Newspaper article The Florida Times Union

Navy Pilots Get Hero's Welcome

Newspaper article The Florida Times Union

Navy Pilots Get Hero's Welcome

Article excerpt

Fresh from patrolling the skies over Iraq, Navy combat pilots

swooped over Jacksonville yesterday as they returned from a

six-month deployment that took them to the brink of war.

The pilots of Strike Fighter Squadrons 82 and 86 received a

hero's welcome as they bounded from their FA-18 Hornet jets at

Cecil Field and were wrapped in tentacle-like hugs by jubilant

wives and children.

Their routine Mediterranean cruise was interrupted in November

when President Clinton ordered their aircraft carrier, the USS

George Washington, into the Persian Gulf.

At the time, the United States was threatening air strikes

against Iraq unless President Saddam Hussein gave United Nations

arms inspectors free rein to search for the makings of chemical

and biological weapons.

"It was exciting. We thought we were pretty close [to launching

strikes] a couple of times," said Cmdr. Greg Nosal, executive

officer of the VFA-82 Marauders.

Eventually, Saddam backed down and everyone breathed easier,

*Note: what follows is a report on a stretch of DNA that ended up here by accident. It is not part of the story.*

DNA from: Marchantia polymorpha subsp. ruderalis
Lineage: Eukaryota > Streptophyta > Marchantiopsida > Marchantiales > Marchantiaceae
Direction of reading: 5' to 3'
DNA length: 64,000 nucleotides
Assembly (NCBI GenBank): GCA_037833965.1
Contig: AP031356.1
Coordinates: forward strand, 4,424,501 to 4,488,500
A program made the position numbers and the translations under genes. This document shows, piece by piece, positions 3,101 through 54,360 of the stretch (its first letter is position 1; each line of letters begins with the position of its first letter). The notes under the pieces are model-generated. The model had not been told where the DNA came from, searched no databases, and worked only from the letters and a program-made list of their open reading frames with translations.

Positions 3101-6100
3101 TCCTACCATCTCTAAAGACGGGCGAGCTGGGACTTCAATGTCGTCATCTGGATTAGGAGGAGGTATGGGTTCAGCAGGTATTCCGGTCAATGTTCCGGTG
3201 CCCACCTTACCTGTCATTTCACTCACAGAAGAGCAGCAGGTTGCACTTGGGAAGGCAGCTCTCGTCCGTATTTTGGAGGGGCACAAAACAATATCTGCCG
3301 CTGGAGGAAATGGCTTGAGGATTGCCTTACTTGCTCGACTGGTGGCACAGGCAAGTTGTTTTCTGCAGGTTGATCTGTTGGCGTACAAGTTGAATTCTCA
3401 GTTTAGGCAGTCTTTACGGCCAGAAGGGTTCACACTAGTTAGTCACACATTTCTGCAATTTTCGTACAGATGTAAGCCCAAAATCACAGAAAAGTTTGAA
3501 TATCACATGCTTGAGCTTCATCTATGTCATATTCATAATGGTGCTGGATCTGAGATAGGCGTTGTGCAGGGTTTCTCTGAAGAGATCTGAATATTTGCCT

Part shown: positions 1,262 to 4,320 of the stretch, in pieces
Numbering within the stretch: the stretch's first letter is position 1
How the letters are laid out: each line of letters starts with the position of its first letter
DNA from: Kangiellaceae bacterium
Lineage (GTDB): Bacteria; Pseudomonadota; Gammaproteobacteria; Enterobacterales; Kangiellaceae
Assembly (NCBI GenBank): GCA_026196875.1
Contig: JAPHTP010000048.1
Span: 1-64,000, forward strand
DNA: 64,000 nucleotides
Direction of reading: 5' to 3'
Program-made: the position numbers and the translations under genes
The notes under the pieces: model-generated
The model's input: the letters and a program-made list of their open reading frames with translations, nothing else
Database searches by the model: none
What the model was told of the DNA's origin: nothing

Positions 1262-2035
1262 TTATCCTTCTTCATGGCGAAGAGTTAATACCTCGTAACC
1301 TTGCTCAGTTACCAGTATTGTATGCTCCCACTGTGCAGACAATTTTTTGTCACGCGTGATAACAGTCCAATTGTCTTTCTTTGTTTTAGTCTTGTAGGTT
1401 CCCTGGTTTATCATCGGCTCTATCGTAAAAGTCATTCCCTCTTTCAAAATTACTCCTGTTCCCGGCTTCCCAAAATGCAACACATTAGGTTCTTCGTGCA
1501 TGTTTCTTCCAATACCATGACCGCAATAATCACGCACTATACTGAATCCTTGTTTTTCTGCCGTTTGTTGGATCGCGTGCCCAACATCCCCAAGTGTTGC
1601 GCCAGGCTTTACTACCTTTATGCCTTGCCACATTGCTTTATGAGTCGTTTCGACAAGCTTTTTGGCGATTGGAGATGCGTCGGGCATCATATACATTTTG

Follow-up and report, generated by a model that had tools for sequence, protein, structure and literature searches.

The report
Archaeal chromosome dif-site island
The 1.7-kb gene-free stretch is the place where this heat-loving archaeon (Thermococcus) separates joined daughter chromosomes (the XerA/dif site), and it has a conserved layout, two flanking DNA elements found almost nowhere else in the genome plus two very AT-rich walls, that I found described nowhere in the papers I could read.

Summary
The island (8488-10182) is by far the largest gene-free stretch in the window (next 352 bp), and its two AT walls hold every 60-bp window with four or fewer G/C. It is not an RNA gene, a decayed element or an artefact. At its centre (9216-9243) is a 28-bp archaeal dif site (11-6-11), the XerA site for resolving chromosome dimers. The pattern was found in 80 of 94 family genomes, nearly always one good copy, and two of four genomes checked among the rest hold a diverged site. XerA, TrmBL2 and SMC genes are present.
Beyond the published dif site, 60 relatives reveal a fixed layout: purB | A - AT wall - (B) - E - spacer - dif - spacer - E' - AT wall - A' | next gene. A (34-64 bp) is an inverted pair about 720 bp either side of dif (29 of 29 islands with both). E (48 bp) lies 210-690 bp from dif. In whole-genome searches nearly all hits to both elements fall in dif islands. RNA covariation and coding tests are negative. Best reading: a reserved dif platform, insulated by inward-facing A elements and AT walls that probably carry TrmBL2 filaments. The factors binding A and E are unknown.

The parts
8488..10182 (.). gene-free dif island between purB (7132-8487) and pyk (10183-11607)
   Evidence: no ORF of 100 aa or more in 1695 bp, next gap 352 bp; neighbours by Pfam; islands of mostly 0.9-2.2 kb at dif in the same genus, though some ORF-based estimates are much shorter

though U.S. forces -- including another ship carrying

Jacksonville warplanes -- remain in the region to ensure Saddam

keeps his word.

Also returning yesterday were S-3 anti-submarine jets from

Jacksonville Naval Air Station.

The bulk of the squadron members, along with four warships from

Mayport Naval Station and Jacksonville-based helicopters, return

today. All told, more than 2,000 local sailors are coming home.

Jackie Mongillo, whose husband is a pilot, said this was

"probably the hardest cruise I've been through -- and I went

through the gulf war cruise -- because of all the uncertainty."

"The gulf war, we knew they were going in," said Mongillo, who

brought the couple's two children to welcome dad home. "This one

was every day wait and see. You never knew what tomorrow was

going to bring. …

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